As free agency draws ever nearer, we must start there, and then move on to draft business later in the post. And away we go...
Scouting Report: Grading Tape On Newly Signed Linebacker Keith Rivers - Bryan Broaddus, The Mothership
Broaddus offers a brief film study of veteran linebacker Keith Rivers, who the Cowboys signed to a one-year contract on Wednesday evening. His report is not exactly encouraging:
Doesn’t cover the ground like he once did. Good reactions to what is happening to him – but I would not call him a fluid, moving athlete. Would have liked to seen better change of direction but most likely because of that lack of quickness. Felt like his upper body strength was good along with that ability to play with his hands. When stood up over the tight ends against the Texans, he was able to control them off the line.
Whether or not Rivers proves to be a success, the Cowboys still need to add quality linebackers:
Adding to the Cowboys woes at linebacker is the fact that Bruce Carter will almost certainly be playing elsewhere in 2015. Here's George's opinion on why Carter won't return:
Though he closed strong in 2014, the Cowboys must decide whether they can count on him to be that player in December more so than the one who has been hit-and-miss over four seasons. Carter started only eight games in 2014, and the Cowboys could have better options at linebacker with a healthy Sean Lee in 2015 and the emergence of rookie Anthony Hitchens.
Archer's series on the Cowboys' free agent needs continues with a look at what is arguably their most understaffed position group: linebacker. Archer offers an intriguing candidate to add to the team:
Best Cowboys fit: Malcolm Smith was the MVP of Super Bowl XLVIII after returning an interception for a touchdown in the Seattle Seahawks’ victory. He is a bit of a projection because he has never been a full-time starter. But he has what the Cowboys want in their linebackers: athleticism and speed.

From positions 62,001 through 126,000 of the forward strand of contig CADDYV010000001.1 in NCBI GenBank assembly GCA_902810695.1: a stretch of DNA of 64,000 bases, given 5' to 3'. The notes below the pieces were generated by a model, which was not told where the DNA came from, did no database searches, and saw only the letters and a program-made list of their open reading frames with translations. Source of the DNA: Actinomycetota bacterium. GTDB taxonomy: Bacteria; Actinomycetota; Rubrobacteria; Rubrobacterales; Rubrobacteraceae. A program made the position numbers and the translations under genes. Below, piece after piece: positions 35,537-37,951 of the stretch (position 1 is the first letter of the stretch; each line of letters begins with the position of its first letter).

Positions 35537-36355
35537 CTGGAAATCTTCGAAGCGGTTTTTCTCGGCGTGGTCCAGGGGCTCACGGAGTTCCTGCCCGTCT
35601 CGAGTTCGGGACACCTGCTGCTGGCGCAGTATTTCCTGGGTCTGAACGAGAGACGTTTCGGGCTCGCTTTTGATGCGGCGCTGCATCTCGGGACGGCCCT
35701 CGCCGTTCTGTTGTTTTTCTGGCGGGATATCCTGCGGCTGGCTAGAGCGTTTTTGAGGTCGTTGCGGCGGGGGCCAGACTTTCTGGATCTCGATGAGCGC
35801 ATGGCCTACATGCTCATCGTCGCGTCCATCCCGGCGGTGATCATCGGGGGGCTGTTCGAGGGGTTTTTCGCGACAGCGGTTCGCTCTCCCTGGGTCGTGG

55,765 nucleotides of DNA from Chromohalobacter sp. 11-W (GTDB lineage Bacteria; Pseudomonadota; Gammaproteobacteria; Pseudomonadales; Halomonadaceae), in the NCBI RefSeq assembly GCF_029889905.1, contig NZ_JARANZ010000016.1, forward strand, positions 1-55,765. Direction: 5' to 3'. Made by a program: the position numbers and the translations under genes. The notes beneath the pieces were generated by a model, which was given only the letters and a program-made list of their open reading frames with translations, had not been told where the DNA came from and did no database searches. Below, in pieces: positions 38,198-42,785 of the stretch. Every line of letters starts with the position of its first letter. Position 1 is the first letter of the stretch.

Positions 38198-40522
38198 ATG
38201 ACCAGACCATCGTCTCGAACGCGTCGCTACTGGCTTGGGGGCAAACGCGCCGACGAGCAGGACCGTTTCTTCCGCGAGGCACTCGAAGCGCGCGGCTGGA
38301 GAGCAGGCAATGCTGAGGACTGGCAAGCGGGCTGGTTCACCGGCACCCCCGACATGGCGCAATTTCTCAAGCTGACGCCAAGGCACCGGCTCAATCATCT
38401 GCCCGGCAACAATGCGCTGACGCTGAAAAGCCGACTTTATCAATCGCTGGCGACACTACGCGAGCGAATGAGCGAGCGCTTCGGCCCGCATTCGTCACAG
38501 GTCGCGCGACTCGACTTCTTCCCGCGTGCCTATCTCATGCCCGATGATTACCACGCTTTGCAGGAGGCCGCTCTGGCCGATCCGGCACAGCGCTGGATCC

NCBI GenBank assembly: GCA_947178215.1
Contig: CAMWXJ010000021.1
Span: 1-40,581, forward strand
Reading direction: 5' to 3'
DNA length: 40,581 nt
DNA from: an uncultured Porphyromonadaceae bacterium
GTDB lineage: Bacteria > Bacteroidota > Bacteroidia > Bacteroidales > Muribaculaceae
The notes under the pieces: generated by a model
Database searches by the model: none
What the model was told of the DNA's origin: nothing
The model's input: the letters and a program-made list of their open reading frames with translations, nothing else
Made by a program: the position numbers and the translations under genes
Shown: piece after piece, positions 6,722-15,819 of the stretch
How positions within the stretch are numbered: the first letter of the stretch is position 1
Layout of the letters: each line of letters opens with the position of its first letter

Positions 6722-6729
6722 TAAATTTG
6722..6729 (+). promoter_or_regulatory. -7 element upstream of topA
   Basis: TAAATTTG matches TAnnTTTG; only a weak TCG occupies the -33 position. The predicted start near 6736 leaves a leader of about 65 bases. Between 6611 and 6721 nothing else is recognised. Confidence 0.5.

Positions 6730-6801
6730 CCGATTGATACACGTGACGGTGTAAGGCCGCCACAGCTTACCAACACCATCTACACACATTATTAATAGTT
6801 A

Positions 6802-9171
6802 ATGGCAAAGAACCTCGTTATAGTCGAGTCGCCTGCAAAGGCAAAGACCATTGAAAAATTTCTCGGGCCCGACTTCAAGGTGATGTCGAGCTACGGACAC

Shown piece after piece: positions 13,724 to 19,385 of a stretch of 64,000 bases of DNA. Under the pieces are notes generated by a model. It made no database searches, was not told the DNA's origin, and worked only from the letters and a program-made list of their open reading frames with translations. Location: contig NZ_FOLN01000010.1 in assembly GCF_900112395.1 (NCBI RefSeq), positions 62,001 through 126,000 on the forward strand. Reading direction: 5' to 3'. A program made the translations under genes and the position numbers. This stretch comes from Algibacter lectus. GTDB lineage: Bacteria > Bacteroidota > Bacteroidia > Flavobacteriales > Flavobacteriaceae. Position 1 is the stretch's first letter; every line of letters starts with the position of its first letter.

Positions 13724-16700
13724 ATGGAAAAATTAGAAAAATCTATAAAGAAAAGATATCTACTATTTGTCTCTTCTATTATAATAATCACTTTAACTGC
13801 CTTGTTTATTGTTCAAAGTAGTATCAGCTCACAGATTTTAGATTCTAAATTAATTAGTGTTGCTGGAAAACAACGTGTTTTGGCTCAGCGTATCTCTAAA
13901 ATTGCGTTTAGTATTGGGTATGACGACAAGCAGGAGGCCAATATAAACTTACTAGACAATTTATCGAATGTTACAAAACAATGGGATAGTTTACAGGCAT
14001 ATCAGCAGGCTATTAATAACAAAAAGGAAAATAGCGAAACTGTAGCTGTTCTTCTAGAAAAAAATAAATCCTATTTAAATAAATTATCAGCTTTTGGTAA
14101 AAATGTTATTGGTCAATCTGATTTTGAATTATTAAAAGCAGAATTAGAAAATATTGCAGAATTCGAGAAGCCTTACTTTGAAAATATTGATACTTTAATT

The former Buccaneers GM proposes that Suh is "this generation's Reggie White": a franchise-altering defensive player who is hitting the open market.He outlines Suh's virtues and then offers a list of teams who should make a run at the former Lion. Guess who makes the list? Yep:
Dallas Cowboys: The team doesn't appear to have a ton of money to spend but could definitely find a way to create the necessary room if it wants Suh badly enough....Do you think Jerry Jones wouldn't do that if he thought Suh could bring him a championship? Suh would completely change that defense, which was adequate last season but not at a high enough level to get the Cowboys to the Super Bowl. They're a legit championship contender with Suh.
Archer reviews the list of players recently jettisoned by their teams to see if any represent a good fit in Big D. Of all the names he lists, this one is the best fit from where I sit:
Trent Cole: He turns 32 in October, but he has been durable and productive. He has 14.5 sacks the last two years and has four double-digit sack seasons. He is a bridge player to where the Cowboys can cover themselves for a year or two as they look to rebuild the line in the draft. If he’s looking for some good coin, then I think the Cowboys pass, but he would fill a need and give the Cowboys another pretty good pass-rusher to go with Jeremy Mincey and DeMarcus Lawrence.
As Moore points out, the Cowboys have signed twelve players during in Jason Garrett’s four offseasons at the helm. His review of that dirty dozen settles upon safety Will Allen, he of the "we hardly knew ye" fame. Here's Moore:
Another veteran safety signed to a one-year deal because the Cowboys had so many young, unproven players at the position. Allen opened the season as the starter. He had 17 tackles, an interception and broke up two passes in the first two games before he was replaced by rookie J.J. Wilcox in the starting lineup. The Cowboys released Allen in October.
Yep, that pretty much covers it.
And the DeMarco Murray news onslaught continues...
Murray crafts a nice long-form piece on Murray, his spectacular 2014 season, and where he and the team stand. Many parts struck me; here's one moment that I particularly enjoyed:
He is, for the most part, a smoldering, unsmiling young man whose demeanor made this reporter wonder: What is pissing this guy off? During a brief, unscheduled one-on-one with Murray in a Cowboys Stadium corridor after the team’s wild-card win over the Lions, I noted that he seemed to play with a measure of anger, then asked him (not in so many words), Is something pissing you off?